Bird flu case confirmed in turkey flock in southwestern Indiana

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A case of high pathogenic avian influenza (H7N8), commonly known as bird flu, has been confirmed in a commercial turkey flock in southwestern Indiana.

The turkeys are from a farm in Dubois County. Samples from the flock were sent to a laboratory for testing after several hundred birds died.

Officials say avian influenza does not pose a food safety risk, so poultry and eggs are safe to eat. The Centers for Disease Control considers the risk of illness to humans to be low.

“This finding of highly pathogenic H7N8 is unique to Indiana and the nation,” said Indiana State Veterinarian Bret D. Marsh, DVM. “This strain is unrelated to those identified in the Upper Midwest in 2015, nor is it related to the HPAI case identified in a Northeastern Indiana backyard poultry flock that was affected last May.”

Indiana ranks fourth nationally in turkey production. The poultry industry employs more than 14,000 Hoosiers and is valued at $2.5 billion, said officials.

Gov. Pence released the following statement Friday:

“Indiana is one of the largest poultry states in America, and I have directed all relevant agencies to bring the full resources of the state of Indiana to bear on containing and resolving the issue as quickly as possible. Multiple state agencies have been heavily focused for nearly a year on the necessary steps in this type of event, including the State Board of Animal Health, Indiana State Department of Agriculture, Indiana Department of Homeland Security, Indiana Animal Disease Diagnostic Laboratory, Indiana Department of Environmental Management, Indiana State Poultry Association, and several private sector partners. Hoosiers can be assured that we are taking all precautions to contain the situation and minimize the effects to Indiana’s robust poultry industry.”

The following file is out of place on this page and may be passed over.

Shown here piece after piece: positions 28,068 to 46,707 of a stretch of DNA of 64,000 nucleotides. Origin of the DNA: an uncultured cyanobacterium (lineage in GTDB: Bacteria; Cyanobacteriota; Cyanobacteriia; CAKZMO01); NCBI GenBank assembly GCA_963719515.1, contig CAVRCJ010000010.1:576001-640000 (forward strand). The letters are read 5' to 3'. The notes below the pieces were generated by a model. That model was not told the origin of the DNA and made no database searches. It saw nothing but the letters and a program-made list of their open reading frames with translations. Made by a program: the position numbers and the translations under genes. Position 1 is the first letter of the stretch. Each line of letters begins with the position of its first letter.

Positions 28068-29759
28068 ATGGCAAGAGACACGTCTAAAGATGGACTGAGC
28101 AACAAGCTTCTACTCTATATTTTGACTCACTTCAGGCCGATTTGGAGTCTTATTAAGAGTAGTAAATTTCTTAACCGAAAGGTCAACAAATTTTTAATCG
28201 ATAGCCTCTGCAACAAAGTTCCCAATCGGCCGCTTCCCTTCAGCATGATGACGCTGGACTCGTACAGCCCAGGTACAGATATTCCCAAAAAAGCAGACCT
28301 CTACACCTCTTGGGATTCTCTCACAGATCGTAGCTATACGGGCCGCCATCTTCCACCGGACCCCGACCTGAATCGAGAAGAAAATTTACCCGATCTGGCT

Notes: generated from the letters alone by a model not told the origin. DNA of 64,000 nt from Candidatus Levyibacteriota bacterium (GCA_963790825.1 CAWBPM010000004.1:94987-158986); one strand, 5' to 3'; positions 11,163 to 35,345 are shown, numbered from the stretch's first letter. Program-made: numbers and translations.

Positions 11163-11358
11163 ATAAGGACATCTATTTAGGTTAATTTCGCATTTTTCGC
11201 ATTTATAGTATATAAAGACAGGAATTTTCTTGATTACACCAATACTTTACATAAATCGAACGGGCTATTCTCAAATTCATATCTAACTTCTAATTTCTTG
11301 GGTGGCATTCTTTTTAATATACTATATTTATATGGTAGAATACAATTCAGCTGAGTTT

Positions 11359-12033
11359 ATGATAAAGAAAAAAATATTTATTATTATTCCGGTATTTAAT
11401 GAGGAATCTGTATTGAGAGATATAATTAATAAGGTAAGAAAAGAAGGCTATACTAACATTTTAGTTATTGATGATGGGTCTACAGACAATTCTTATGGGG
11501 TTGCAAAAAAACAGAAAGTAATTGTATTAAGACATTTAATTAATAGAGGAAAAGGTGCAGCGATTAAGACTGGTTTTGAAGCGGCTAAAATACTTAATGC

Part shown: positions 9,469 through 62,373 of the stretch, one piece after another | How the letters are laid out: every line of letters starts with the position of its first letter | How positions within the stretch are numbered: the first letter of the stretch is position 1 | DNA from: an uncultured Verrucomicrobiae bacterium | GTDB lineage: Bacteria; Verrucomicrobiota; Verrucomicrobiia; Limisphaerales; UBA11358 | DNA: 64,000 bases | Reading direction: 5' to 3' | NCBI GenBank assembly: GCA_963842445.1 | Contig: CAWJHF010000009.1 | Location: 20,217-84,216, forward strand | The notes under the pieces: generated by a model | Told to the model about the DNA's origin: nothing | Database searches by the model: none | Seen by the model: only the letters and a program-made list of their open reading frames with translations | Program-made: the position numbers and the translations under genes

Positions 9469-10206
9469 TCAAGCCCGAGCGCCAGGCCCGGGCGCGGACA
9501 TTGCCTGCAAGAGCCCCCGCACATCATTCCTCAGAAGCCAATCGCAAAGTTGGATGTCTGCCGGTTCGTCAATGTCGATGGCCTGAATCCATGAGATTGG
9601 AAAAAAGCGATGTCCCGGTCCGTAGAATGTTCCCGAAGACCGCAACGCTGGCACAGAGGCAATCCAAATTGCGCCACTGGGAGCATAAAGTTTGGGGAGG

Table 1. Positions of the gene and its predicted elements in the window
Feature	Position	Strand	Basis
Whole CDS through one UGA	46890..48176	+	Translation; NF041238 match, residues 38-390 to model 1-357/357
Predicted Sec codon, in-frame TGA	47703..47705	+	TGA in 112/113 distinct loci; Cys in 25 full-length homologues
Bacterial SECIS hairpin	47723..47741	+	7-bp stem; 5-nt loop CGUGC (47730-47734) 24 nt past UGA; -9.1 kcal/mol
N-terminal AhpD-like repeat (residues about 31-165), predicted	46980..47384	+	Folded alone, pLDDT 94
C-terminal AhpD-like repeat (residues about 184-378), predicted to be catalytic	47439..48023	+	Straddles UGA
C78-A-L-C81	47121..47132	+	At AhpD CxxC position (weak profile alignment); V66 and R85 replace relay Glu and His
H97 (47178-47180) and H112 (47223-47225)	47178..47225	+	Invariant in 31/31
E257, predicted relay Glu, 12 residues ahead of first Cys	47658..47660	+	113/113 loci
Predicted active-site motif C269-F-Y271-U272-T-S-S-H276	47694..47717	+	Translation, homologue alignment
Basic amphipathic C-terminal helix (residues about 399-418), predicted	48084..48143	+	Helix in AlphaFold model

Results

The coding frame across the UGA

Poultry owners are encouraged to recognize the signs of avian influenza and report illness or death to the USDA Healthy Birds Hotline: 866-536-7593.

Signs include: sudden death without clinical signs; lack of energy or appetite; decreased egg production; soft-shelled or misshapen eggs; swelling or purple discoloration of head, eyelids, comb, hocks; nasal discharge; coughing; sneezing; incoordination; and diarrhea. A great resource for backyard bird health information is online at: http://www.healthybirds.aphis.usda.gov